The Herald, Sharon, Pa.

November 18, 2013

Filmmaker tracks down VHS fans for ‘Tracking’

By Joe Pinchot
Herald Staff Writer

SHARPSVILLE — Levi Peretic just graduated from Edinboro University in May and he’s already been invited back to speak to film classes.

Peretic, of Sharpsville, and his production partner, Dan Kinem, have a full-length documentary under their belts and their do-it-yourself approach could resonate with budding filmmakers looking for the on-ramp to the highway to Hollywood.

The pair shot “Adjust Your Tracking,” an 84-minute documentary examining the obsessions of people who collect VHS tapes, the home video format usurped by DVDs.

Kinem, of Erie, is the VHS buff of the pair, and the documentary grew from his hobby; his collection includes about 8,000 tapes. He noted that 40 percent of movies released on VHS never came out on DVD, and collectors obsess over the packaging the way record aficionados do over album covers.

They decided to have Peretic shoot footage of Kinem on the hunt for VHS tapes in New York, Philadelphia and New Jersey with the intent to post the product on Kinem’s website, VHShitfest.

“We found out VHS is not dead and VHS collecting is very much alive,” Peretic said.

The pair, who still were in college, decided to expand the project into a full-fledged documentary. They wanted to conduct interviews with people who live in other parts of the country, but were short of the cash for a road trip.

They put the project on the website Kickstarter and raised $3,800 from 121 backers, which exceeded their goal by $800, then piled into Kinem’s car with three others.

They visited “every major city” in the U.S. during July 2012, recording 70 interviews over 22 days, often staying at the homes of collectors they met along the way, cutting down on their travel costs.

“People we never met before let us walk right in,” Kinem said. “It made me love the VHS community more.”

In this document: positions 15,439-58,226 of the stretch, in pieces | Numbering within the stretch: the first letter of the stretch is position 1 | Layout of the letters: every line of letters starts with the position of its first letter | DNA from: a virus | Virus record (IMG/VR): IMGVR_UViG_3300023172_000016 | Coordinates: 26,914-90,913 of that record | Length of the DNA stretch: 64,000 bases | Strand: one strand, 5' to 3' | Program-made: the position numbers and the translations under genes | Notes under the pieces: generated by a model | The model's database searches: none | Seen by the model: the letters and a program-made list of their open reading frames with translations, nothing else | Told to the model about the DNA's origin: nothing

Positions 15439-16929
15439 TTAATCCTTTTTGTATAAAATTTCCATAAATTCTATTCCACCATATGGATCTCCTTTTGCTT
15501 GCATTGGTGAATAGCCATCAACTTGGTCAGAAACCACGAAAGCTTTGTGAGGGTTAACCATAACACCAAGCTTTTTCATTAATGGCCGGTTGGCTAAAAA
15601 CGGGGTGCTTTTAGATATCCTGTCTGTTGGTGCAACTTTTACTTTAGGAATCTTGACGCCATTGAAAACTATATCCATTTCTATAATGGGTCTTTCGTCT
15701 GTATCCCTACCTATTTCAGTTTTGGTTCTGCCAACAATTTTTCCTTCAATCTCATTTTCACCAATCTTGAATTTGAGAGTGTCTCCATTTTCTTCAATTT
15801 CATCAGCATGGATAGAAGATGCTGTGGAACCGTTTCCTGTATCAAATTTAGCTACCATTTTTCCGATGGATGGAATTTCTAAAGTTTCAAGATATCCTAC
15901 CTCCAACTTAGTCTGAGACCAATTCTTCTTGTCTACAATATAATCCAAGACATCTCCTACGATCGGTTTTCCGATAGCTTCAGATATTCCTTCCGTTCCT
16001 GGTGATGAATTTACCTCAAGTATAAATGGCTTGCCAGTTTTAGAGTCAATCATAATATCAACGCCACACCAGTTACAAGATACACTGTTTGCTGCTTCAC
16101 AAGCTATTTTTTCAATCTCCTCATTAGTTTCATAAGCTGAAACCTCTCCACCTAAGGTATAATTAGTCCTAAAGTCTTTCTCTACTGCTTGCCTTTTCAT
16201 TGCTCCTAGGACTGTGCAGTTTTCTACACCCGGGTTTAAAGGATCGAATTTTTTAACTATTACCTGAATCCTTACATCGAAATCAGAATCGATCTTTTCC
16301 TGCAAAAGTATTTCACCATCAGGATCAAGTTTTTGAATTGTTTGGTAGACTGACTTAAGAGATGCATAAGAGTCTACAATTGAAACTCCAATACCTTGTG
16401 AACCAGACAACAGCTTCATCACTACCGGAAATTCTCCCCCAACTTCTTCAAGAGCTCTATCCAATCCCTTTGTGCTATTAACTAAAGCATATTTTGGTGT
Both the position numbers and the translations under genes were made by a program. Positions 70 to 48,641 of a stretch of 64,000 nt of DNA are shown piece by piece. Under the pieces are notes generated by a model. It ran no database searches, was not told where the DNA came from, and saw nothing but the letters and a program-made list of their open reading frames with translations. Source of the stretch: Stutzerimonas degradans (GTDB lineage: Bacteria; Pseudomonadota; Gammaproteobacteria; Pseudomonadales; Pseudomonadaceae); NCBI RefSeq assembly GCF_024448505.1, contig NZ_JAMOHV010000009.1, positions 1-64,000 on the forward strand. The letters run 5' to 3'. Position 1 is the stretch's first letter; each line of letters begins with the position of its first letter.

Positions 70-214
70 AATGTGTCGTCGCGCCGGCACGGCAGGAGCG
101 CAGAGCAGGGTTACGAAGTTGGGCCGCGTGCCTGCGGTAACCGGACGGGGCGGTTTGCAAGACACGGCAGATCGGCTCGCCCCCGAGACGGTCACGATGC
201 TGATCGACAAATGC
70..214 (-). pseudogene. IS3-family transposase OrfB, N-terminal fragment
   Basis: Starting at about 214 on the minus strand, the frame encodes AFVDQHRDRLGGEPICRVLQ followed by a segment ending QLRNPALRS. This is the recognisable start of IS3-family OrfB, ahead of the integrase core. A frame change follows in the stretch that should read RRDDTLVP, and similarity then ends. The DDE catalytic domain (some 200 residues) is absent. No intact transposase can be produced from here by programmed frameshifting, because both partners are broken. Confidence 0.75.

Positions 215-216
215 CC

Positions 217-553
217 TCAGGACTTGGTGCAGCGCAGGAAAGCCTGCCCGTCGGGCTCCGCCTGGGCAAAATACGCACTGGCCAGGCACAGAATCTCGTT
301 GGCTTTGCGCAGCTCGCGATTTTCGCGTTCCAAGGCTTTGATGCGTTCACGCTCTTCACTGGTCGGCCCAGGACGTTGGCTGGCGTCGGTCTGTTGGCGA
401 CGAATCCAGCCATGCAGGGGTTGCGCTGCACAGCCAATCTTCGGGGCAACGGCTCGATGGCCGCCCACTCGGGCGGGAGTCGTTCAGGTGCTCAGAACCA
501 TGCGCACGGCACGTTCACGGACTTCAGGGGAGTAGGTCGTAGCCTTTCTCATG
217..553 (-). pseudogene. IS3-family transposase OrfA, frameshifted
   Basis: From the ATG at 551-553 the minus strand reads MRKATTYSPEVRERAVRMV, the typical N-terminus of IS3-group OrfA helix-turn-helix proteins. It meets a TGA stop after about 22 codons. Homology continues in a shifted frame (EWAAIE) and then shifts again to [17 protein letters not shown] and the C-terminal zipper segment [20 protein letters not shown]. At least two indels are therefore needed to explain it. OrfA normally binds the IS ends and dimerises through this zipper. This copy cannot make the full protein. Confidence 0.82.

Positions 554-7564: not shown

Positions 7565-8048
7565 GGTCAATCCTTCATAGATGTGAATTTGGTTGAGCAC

Being a collector himself, Kinem, who conducted the interviews, came at them from the same perspective as his targets.

“We interviewed everyone from people who have 50 tapes to 50,000 tapes,” Kinem said, along with filmmakers and video store owners.

One of Peretic’s favorite interviews was of a man who turned his basement into a video store.

“He had the counter, he had the computer, he had the gumball machine,” said Peretic, a 2009 Sharpsville High grad. “He hates drama movies but he had a drama section because a store would have to have one.”

The pair had much more material than they could use, and cut out or condensed some of their favorite footage so “Adjust Your Tracking” would appeal to more people than just their subjects.

“We wanted to make a movie that was for VHS collectors and that was not for VHS collectors,” said Peretic, noting that some of the omitted material will turn up as deleted-scenes features on the DVD.

“We made it general enough anyone can watch it and like it and take something from it,” said Kinem, who majored in journalism at Edinboro.

Peretic and Kinem finished the film while completing their classwork and working, Peretic handling the midnight shift as a security guard in one of Edinboro’s dorms.

“My last semester was kind of chaotic,” he said.

Once the documentary, made for $5,000, was complete, Kinem was tasked with getting it shown. Because they couldn’t afford the entry fee for most film festivals, Kinem worked on getting invited to them, and the VHS collector network lined him up with contacts for theaters, festivals and conventions.

“I used the community of VHS collectors as a jumping-off point,” he said.

They hit the road again in August, showing the film at 23 screenings in 21 cities over 31 days, hitting Los Angeles, Seattle, Chicago, Toronto and other markets.

They attracted the attention of local press, Time magazine and USA Today.

To widen potential appeal of the film, Kinem and Peretic often held VHS swap meets at screenings, and question and answer sessions with the audience. That way, they attracted people to the movie who were originally only interested in the swap meet, and turned some who came for the movie into VHS collectors.

“It added an interactive element to the movie that people liked,” Peretic said.

They sell T-shirts and posters at screenings, and the film has made back its investment and is starting to earn a profit.

While Peretic maintains a day job working for a local home improvement contractor, he and Kinem hope that the March release of “Adjust Your Tracking” on DVD and VHS tape – yes, there still is a company that makes VHS tapes – will fund their next production, which could be another documentary – they said they have several ideas – or a horror film.

The film’s website is: